Trump has no Covid-19 symptoms, says physician; wants to return to Oval Office

Trump salutes from the Truman Balcony upon his return to the White House, Oct 5, 2020.
Trump salutes from the Truman Balcony upon his return to the White House, Oct 5, 2020.PHOTO: AFP

WASHINGTON (REUTERS, BLOOMBERG) - US President Donald Trump is doing "extremely well" and reporting no symptoms of Covid-19, a day after returning to the White House after being hospitalised with the highly contagious disease, his doctor said in a statement on Tuesday (Oct 6).

Sean Conley, a Navy commander, said a team of physicians met with the president on Tuesday morning.

"He had a restful first night at home, and today he reports no symptoms. Vital signs and physical exam remain stable, with an ambulatory oxygen saturation level of 95-97 per cent," he said in a statement released by the White House.

"Overall he continues to do extremely well."

According to people familiar with the matter, restless Trump wants to return to the Oval Office, but some of the president's aides don't want him to leave the White House residence just yet.

However, they are unsure how long he will continue to isolate himself, the people said.

He has not yet gone to the West Wing and it is not clear if he will.

Trump is also considering a televised address to the nation, another person said.

Trump and his campaign have sought to cast his return from the hospital as a triumphant presidential moment just weeks before Election Day, but he has fallen far behind his challenger Joe Biden in both public opinion polls and fund-raising.

A CNN poll taken after Trump's chaotic first debate with Biden, released on Tuesday, found the president trailing the former vice-president by 16 points nationally.

Meanwhile, more coronavirus infections emerged in the White House. One of the president's military aides, Jayna McCarron, tested positive, as did one of the president's valets, who travelled with Trump last week, according to people familiar with the matter.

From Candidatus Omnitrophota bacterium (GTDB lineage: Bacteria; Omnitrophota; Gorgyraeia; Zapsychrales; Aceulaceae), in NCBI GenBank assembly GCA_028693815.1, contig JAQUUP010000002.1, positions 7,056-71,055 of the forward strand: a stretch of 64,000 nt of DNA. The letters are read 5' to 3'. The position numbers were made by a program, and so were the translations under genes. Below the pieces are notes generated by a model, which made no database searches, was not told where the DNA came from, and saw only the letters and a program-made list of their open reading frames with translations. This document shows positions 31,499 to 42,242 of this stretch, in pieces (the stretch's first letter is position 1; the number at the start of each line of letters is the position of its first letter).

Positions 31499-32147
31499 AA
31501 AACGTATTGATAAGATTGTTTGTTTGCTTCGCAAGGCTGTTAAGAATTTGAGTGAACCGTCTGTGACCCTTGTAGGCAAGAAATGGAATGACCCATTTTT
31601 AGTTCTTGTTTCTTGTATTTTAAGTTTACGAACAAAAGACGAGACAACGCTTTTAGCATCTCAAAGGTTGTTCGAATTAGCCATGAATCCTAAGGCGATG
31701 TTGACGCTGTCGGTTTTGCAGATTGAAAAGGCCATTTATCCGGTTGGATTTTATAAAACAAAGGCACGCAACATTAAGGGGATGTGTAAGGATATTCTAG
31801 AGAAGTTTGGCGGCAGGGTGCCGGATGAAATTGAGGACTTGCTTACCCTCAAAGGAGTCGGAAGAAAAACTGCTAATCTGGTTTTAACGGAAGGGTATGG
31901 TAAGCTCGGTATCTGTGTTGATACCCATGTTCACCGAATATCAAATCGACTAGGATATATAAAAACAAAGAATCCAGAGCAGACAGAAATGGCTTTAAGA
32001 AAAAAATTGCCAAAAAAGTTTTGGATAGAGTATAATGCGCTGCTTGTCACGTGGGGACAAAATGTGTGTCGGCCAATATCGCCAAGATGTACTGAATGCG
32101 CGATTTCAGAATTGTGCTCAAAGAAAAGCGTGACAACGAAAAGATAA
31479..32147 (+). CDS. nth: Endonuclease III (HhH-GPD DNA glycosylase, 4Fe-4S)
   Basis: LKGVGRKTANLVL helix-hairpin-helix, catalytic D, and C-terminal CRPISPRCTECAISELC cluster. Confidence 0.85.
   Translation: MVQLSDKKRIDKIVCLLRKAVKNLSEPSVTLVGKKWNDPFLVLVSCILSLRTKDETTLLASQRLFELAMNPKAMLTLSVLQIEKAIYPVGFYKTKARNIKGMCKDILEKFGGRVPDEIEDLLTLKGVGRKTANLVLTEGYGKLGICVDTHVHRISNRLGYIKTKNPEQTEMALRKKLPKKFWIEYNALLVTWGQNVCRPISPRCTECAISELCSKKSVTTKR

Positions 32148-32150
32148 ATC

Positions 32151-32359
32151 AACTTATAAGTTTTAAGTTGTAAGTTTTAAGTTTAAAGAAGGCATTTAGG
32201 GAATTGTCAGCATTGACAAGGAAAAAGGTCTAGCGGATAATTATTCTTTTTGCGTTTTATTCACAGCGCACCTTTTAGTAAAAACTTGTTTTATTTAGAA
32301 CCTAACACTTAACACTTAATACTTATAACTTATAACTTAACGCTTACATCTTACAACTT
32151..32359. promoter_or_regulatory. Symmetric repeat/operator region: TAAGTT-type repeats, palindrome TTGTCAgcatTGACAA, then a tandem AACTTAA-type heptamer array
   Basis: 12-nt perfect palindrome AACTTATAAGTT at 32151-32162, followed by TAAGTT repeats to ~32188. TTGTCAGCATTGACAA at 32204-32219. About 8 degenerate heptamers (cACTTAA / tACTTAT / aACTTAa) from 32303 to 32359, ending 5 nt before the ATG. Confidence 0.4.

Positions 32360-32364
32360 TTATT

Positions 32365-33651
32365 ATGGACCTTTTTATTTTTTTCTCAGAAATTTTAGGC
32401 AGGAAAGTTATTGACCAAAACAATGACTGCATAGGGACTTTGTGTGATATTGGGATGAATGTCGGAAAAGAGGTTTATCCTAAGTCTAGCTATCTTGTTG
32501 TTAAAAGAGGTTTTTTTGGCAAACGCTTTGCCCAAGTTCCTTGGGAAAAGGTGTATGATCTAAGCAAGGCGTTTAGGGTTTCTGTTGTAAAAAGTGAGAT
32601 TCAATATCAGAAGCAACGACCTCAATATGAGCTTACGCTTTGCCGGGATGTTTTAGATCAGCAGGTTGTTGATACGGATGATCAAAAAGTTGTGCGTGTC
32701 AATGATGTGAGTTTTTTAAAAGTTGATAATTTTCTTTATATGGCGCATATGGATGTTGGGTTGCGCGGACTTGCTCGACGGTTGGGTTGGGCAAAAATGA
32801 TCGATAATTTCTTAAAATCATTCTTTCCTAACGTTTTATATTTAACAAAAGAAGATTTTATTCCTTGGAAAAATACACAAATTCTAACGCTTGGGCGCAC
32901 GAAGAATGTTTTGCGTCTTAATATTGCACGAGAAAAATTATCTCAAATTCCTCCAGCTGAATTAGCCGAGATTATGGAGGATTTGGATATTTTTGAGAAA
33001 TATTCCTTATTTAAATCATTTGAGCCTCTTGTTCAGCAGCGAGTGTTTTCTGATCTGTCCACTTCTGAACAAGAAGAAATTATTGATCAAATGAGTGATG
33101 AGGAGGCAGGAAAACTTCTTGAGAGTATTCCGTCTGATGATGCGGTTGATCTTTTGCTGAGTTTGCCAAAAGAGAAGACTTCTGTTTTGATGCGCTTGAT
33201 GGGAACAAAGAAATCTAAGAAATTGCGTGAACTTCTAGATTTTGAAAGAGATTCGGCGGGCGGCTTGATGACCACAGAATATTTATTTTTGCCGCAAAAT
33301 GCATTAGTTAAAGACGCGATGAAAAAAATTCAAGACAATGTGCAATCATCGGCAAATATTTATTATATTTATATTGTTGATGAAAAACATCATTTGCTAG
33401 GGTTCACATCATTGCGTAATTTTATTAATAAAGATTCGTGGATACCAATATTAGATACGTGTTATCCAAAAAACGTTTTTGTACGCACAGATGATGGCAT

The duties of Trump's five military aides - one from each service branch - include carrying the nuclear "football," the system the president would use to initiate a nuclear weapons attack. The valets also come from the ranks of the military.

Trump discussed further coronavirus economic relief on Tuesday in a conference call with Treasury Secretary Steven Mnuchin, Senate Majority Leader Mitch McConnell and House Republican leader Kevin McCarthy, according to a person familiar with the matter.

But he later announced that he was calling off the talks until after the election, accusing Democrats of not negotiating in good faith, 

House Speaker Nancy Pelosi pushed a US$2.2 trillion (S$3 trillion) Bill through her chamber last week with only Democratic votes. The White House has proposed a US$1.6 trillion package.

On Monday, Trump issued a video on Twitter imploring Americans not to let the coronavirus "dominate" their lives, based on his personal experience receiving the best medical care available. On Tuesday morning, he again erroneously likened the virus to the seasonal flu, a disease epidemiologists consider far less dangerous.

The coronavirus has killed more than 210,000 Americans since February. Trump's consideration of a televised speech was reported earlier by The New York Times.

The top White House physician, Sean Conley, had said that Trump will continue to recuperate in isolation at the White House until he is no longer infectious, but the president has made clear he's eager to get back to his re-election campaign.

"FEELING GREAT!" Trump said on Twitter, after a post earlier in which he likened the novel coronavirus to seasonal flu - a comparison the president was criticised for making earlier in the year, before the US outbreak blossomed into the worst in the world.

"Many people every year, sometimes over 100,000, and despite the Vaccine, die from the flu," Trump said. "Are we going to close down our Country? No, we have learned to live with it, just like we are learning to live with Covid, in most populations far less lethal!!!"

The US has not lost 100,000 people to the flu in a single season in more than a decade, according to estimates by the Centers for Disease Control and Prevention. And while direct comparisons are difficult because of differences in counting deaths from the diseases, there is consensus among epidemiologists that the coronavirus is far more dangerous than common strains of flu.